Santa Claus Want Ad Rejected as Sexist

A British department store which advertised for a Father Christmas (Santa Claus) was told it was discriminating against women. 

The advertisement was kept out of the JobCenter in Liskeard, Cornwall, until the owner of the store wrote a letter explaining why the post was suitable for a male applicant only. 

Bruce Robinson, owner of Trago Mills, said: "With no disrespect to ladies, Father Christmas is, and always has been, a man. He has a deep voice, a long white beard, and a large corporation [physique]. Trying to suggest that his role should be undertaken by a female is insane political correctness." 

Mr Robertson had asked Janet Curnow, the Liskeard store manager, to place the Santa advertisement in the JobCenter. She was told it would have to be approved by the Employer Direct central helpline in Exeter. 

Mrs Curnow said: "I got a phone call from a lady in Exeter who asked me if I realized that I could not advertise for a Father Christmas because you can't specify that you want a man. She said it was discriminatory and the only way I could get around it was to write her a letter explaining why I felt I had to have a man for the position. She did say it didn't have to be a long letter."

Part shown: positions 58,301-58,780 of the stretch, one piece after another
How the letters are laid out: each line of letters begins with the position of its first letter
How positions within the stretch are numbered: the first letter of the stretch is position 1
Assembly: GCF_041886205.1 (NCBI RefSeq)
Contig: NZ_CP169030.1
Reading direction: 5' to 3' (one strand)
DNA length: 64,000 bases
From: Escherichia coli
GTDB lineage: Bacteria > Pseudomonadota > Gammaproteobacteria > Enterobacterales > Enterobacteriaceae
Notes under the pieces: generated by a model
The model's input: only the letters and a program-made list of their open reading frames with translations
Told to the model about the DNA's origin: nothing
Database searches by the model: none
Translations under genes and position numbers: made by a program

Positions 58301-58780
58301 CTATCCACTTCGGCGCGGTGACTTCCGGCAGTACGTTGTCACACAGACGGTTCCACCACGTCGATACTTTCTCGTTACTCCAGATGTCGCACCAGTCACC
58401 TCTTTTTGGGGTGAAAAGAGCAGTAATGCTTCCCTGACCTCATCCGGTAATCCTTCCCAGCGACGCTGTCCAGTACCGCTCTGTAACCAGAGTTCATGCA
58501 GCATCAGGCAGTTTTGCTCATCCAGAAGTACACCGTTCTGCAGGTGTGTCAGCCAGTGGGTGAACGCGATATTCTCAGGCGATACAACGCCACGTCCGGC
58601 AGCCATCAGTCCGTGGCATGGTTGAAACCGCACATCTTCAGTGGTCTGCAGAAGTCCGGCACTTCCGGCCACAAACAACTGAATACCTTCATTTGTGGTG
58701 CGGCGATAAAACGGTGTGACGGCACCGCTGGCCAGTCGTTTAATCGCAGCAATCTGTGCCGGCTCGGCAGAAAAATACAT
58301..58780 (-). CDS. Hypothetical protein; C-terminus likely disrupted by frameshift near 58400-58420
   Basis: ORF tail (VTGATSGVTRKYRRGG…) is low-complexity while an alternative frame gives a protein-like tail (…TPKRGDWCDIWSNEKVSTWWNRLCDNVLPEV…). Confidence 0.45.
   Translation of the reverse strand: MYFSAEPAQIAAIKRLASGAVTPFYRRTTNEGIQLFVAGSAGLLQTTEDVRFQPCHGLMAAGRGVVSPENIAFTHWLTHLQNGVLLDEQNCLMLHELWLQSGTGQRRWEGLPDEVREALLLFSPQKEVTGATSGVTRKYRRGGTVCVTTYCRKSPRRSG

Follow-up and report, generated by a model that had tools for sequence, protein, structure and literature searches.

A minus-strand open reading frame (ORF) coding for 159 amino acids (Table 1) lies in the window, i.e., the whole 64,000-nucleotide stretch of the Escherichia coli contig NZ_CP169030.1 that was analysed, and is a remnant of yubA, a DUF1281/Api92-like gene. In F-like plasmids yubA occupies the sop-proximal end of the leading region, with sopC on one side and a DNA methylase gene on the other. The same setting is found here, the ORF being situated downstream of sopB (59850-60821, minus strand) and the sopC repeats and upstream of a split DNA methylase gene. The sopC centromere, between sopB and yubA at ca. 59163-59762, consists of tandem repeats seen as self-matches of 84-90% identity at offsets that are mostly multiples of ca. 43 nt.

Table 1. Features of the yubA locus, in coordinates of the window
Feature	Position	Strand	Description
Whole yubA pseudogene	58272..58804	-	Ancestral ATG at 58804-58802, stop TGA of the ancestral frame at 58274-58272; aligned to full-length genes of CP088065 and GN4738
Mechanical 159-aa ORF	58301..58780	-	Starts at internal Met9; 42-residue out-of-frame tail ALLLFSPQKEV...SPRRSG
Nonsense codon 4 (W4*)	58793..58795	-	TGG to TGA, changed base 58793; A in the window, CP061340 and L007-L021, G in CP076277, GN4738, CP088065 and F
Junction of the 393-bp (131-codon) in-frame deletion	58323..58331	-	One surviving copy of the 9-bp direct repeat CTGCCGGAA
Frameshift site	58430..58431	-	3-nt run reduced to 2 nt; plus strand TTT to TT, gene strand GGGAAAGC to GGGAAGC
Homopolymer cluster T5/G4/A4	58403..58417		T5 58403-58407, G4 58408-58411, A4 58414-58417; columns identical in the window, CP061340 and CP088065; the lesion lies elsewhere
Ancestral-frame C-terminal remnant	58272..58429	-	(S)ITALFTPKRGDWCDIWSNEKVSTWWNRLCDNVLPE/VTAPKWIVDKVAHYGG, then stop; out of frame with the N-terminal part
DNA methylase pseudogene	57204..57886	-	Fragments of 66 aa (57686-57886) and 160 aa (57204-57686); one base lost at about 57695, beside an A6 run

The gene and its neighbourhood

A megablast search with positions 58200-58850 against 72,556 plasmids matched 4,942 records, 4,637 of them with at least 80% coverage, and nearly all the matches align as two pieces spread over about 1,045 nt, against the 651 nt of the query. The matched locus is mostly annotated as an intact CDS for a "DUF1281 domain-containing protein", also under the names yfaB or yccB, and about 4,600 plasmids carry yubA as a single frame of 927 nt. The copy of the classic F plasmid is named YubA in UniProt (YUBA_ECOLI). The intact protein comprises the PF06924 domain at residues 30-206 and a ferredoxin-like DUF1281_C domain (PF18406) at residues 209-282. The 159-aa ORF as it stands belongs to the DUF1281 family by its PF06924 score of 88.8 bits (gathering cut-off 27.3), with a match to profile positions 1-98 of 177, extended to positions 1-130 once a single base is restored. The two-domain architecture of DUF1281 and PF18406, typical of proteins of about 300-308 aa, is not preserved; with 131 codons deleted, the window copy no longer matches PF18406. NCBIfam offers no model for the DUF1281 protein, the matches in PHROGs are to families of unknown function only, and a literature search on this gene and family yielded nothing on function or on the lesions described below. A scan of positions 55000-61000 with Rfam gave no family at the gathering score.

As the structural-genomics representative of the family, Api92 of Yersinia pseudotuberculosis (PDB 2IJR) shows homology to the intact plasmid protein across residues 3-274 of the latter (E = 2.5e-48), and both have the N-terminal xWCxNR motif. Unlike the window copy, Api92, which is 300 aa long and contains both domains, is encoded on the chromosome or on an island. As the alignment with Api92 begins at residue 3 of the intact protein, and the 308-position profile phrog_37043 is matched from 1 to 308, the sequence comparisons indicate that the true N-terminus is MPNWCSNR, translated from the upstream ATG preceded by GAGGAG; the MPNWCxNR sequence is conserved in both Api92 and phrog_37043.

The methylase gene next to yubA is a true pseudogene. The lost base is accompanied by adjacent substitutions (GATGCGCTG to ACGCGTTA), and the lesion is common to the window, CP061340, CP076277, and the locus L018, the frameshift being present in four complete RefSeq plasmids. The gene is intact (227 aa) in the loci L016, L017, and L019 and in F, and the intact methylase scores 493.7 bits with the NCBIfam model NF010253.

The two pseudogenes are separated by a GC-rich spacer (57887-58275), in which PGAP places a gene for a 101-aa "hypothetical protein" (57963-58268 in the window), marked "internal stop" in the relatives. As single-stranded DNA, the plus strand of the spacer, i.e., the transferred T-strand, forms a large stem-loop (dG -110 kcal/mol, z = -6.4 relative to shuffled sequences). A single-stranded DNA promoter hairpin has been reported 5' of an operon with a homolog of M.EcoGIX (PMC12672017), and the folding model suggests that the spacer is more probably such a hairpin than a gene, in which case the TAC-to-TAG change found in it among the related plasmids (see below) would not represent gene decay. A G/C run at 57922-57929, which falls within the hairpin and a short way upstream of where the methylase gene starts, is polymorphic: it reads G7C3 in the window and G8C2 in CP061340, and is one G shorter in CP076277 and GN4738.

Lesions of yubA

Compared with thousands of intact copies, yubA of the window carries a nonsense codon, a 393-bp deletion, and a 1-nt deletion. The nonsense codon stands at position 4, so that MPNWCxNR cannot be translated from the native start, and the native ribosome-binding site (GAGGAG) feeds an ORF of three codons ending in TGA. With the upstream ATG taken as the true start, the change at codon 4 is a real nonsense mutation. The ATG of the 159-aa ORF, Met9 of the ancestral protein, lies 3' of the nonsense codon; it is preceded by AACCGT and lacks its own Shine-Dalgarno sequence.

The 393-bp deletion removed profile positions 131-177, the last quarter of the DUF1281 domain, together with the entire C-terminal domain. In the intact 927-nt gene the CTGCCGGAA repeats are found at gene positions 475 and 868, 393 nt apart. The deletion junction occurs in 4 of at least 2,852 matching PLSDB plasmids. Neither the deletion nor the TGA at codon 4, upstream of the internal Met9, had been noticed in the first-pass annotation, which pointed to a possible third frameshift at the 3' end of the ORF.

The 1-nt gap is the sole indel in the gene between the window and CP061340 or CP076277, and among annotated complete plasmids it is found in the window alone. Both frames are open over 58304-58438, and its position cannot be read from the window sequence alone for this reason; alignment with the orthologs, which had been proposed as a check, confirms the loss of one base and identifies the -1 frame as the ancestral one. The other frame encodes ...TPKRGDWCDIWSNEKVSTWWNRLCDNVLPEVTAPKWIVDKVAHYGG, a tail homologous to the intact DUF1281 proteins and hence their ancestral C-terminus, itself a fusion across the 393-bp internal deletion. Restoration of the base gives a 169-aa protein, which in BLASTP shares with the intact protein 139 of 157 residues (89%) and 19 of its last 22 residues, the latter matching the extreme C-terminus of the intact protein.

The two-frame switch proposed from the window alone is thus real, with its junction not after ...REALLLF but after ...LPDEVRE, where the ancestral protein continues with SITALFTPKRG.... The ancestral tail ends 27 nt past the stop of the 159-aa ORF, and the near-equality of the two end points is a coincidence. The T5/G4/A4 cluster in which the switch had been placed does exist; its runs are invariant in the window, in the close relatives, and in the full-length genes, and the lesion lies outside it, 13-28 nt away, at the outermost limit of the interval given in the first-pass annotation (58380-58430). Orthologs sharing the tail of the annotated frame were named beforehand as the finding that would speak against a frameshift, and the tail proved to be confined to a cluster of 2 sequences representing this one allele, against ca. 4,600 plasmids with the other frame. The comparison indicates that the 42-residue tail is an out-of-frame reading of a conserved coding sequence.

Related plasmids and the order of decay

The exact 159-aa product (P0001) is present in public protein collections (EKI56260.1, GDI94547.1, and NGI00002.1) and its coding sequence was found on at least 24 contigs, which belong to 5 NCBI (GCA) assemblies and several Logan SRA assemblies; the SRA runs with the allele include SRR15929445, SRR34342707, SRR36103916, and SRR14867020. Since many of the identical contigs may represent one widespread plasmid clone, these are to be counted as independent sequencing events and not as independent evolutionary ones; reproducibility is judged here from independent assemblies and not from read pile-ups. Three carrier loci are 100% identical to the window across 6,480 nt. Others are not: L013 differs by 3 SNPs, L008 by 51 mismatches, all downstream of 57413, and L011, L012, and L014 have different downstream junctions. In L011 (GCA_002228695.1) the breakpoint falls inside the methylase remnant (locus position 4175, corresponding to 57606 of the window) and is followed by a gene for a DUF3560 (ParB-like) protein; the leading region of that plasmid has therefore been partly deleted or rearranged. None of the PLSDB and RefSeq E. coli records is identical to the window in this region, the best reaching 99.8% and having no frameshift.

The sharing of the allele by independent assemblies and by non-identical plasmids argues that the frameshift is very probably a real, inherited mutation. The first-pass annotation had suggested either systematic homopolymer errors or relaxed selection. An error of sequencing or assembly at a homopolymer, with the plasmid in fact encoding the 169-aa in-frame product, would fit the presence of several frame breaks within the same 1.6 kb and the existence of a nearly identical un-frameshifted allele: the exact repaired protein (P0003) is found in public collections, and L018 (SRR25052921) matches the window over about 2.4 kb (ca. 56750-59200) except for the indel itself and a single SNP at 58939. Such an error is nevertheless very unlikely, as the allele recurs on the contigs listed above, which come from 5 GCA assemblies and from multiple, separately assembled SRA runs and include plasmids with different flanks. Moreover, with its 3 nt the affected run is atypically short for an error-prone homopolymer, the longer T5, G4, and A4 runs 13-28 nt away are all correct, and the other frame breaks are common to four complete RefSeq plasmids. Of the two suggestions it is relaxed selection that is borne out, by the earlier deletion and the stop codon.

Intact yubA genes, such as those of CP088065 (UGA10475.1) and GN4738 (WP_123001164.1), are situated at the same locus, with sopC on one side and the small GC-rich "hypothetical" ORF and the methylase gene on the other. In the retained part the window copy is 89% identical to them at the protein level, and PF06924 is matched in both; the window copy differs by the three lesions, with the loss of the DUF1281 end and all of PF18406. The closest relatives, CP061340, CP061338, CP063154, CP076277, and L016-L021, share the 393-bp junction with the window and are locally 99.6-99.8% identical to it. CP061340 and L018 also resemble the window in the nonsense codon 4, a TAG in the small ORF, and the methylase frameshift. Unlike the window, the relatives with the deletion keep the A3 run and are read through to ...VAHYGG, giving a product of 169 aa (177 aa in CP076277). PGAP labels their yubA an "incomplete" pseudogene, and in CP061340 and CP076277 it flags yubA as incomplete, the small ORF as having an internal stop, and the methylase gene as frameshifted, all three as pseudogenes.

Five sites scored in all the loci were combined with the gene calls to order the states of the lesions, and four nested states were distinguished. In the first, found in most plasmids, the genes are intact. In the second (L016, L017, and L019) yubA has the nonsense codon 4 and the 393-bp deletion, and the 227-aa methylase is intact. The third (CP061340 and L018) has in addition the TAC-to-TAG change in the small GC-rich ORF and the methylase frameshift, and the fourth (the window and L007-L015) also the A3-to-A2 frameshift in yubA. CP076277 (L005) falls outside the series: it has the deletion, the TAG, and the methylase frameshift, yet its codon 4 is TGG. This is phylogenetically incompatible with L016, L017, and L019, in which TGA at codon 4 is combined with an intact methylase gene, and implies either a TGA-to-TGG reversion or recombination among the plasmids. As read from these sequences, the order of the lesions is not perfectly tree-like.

Mr Robertson immediately wrote a letter to Employer Direct asking them to forward a copy to the Department of Work and Pensions. 

He wrote: "If your people would like to pass the following criteria to the Liskeard JobCenter, I guarantee to be entirely impartial in our selection and appointment of a Father/Mother Christmas. 

"The person, if female, should, therefore, have a) a deep voice; b) whiskers; c) a big belly; and d) no readily discernible bosom. My only concern is that if our choice is limited to such a candidate, I fear for our children, who will doubtless be terrified." 

The department said yesterday that there was no problem advertising for a Father Christmas. A spokeswoman said that normally when employers advertised a job for a single sex, they did have to explain the reason why, but there were exceptions to the rule, as in the case of Father Christmas. 

She said: "This was a simple misunderstanding. The advert was pending for a number of days as the Employment Service always seeks assurances from the employer that they will vet any applicants working with vulnerable groups such as children. This has now been confirmed."